Can it really be almost thirty years since the formation of Melvins? Who could have imagined that the band that Buzz “King Buzzo” Osborne formed deep in the backwoods of Washington State in 1983, would be on the verge of celebrating its thirtieth anniversary? Well believe it, because it is almost upon us. So, how did we get here?

The Melvins were born out of the towns of Montesano and Aberdeen, when Osborne and drummer Dale Crover, then in their late teens, began what would become one of the greatest partnerships in the history of alternative rock. Sure, bass players have come and gone through the years, and these days they even play with an additional drummer, but the one constant has been the Osborne / Crover union. Together, they are responsible for helping to create, and in turn, inspire what would later become the Seattle music scene. The most obvious example of their influence lies in the fact that Buzz was an early mentor and inspiration for a young Aberdeen resident to start his own band; his name was Kurt Cobain. Osborne was also the matchmaker that put Dave Grohl together with Nirvana when they were in need of a drummer.

Through their eighteen albums they have pushed the boundaries of what hard rock can be described as. Their music is a psychotic, experimental blend of hard rock, metal and punk. Originally inspired by the Blacks (Sabbath and Flag), Melvins have taken that DNA and created a genre all of their own.

During the early 90s boom years of alternative rock, Melvins found themselves on the legendary Atlantic Records, but as with so many bands, the relationship soon soured and have since found a more receptive home on Ipecac Recordings.

Osborne’s guitar prowess has also been put to good use in the super-group Fantomas, featuring Faith No More’s Mike Patton, Slayer’s Dave Lombardo, and fellow Melvin Trevor Dunn. A band much like Melvins, Fantomas have no desire to be constrained by a narrow-minded rock audience.

This year sees the release of FREAK PUKE, the first album and tour with the band going under the moniker Melvins Lite. The reason behind the name change was to signify a return to a three piece line-up playing a slightly different brand of their typical heavy sludge. Though the name of the band includes Lite, the touring schedule certainly can’t be called that. Starting on September 5th, Melvins Lite are embarking on a possibly record-setting U.S. tour, where they will play all 50 states (plus the District of Columbia) in 51 days.

The band has been together for almost thirty years, released eighteen albums, and toured relentlessly: what keeps you motivated and inspired? Have you ever felt like you were just "going through the motions" on stage? Having seen your live show, it sure doesn't look like it.

Buzz Osborne: Some nights are better than others... 30 years is a long time to do anything, I guess. I have a few friends who are still in college after 30 years. Actually that isn't true. It’s taken them 30 years to pay off their student loans. As far as inspiration goes, no idea!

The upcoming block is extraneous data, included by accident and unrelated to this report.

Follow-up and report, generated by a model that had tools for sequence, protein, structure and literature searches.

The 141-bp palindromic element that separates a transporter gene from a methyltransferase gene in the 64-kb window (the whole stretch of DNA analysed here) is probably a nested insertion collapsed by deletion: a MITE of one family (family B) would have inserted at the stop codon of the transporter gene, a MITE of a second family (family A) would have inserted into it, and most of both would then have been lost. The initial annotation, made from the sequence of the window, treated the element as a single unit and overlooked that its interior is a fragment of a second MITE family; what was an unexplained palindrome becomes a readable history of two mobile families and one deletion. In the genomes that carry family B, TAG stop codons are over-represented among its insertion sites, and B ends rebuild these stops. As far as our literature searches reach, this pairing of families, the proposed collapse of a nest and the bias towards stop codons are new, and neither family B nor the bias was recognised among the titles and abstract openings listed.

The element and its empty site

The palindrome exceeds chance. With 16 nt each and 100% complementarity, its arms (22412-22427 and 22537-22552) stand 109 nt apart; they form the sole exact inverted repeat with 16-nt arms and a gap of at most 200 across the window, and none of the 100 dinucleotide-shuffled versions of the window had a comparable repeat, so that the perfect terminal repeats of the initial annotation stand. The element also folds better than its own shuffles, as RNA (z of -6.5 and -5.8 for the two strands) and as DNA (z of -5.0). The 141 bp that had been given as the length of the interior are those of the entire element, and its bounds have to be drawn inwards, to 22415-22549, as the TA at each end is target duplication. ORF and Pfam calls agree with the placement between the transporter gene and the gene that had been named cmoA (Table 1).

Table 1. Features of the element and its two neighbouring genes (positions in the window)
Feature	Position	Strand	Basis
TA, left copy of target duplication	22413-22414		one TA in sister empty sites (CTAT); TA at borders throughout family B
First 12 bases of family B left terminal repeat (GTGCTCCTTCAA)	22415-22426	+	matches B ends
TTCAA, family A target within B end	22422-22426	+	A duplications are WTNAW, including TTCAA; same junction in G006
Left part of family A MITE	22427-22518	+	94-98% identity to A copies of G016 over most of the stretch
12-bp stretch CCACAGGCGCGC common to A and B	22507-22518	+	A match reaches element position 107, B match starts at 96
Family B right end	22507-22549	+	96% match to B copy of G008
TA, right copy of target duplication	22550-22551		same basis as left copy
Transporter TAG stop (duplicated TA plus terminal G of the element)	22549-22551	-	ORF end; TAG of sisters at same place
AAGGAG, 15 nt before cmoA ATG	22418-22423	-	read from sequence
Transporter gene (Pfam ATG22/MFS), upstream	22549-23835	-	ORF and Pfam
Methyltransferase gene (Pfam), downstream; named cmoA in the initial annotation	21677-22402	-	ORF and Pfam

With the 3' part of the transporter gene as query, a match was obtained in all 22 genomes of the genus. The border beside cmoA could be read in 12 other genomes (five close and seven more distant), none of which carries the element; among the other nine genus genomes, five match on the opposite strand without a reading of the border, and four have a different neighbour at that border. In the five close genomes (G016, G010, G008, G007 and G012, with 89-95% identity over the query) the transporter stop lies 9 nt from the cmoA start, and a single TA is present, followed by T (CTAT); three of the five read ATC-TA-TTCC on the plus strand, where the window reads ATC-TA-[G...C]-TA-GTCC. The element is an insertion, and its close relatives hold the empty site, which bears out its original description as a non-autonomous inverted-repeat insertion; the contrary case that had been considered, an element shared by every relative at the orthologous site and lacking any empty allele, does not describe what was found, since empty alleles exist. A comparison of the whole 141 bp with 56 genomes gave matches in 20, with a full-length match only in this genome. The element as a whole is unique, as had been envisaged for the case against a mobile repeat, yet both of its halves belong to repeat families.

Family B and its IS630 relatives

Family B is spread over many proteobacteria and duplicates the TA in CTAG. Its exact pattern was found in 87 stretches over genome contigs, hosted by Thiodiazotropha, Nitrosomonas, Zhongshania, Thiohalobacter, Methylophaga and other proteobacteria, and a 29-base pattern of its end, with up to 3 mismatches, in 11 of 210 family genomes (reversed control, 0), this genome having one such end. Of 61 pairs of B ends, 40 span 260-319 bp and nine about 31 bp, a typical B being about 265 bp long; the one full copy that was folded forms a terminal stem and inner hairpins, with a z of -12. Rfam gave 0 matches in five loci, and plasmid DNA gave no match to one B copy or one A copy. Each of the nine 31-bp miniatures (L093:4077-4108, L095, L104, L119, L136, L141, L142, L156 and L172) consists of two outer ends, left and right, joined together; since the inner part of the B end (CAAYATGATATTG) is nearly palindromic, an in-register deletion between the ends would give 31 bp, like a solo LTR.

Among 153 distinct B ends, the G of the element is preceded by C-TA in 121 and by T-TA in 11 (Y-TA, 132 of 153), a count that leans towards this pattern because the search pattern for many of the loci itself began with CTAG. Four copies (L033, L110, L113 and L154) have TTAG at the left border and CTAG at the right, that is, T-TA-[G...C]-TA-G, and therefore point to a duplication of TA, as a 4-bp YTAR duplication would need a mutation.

You have collaborated with many different people, played in altered line-ups, and experimented with musical styles: is there something left to try that you haven't, or couldn't, accomplish?

BO: Nah, once you reach the pinnacle of success like we have, there just isn't anything left to do. Is there?

You recently toured with Unsane. Both bands are survivors of the fickle nature of the record industry and have done so on your own creative terms. Does it give you some sort of satisfaction to share a stage with a band that has been through the same wars that you guys have?

BO: Yeah, it was cool. We’ve known them for nearly two decades. Now we know how they sleep. Yuck!

After experiencing life on a major label, as you have, if one expressed an interest in signing you again, would you do it? Or, would you say "been there, done that".

BO: I would look at any offers that came our way. Why not? I'm not afraid of majors. I'm afraid of minors. Ha!

You have been in a band with Dale much longer than the great majority of couples remain married. I am guessing the two of you have found the secret to that success. What is it? Are the two of you best of friends, or does it just work as a musical relationship?

BO: The key is a relationship based on trust and understanding. I don't trust him and he doesn't understand me.

Speaking of collaborating musically, how much of a control freak are you in the studio? Do you find yourself telling the guys what to play, or is it more a case of everyone finding their own way?

BO: I like people finding their own way usually. I've been on the other end of that on more than one occasion and it ain't fun.

Having been around music and musicians as long as you have, is there an artist that you were intimidated, or would be intimidated, to meet?

BO: I try to avoid that sort of situation. Even with people I REALLY like, like Bowie. If you told me Bowie was across the hall and, would I like to meet him? I would say no... And by Bowie, I mean JIM Bowie!

Your now-legendary tour van with Kurt Cobain’s drawing of KISS on the side of it was recently up for bids on Ebay. When was the last time it was in your possession? Do you have one great story relating to that van?

BO: Well, it never sold. There you have it... that may be the funniest story of all. Who knows, I hated that fucking stinking tub and abandoned it in 1985 or 86. All I would have had to do was keep it somewhere for over 20 years and then I could have it, not sell, on Ebay as well.

Finally, your touring for Freak Puke will take up most of the year, but what else is in the future for Melvins? Are there any plans for a thirtieth anniversary extravaganza?

BO: No big plans for the Thirtieth anniversary... maybe we should NOT tour. That would be new.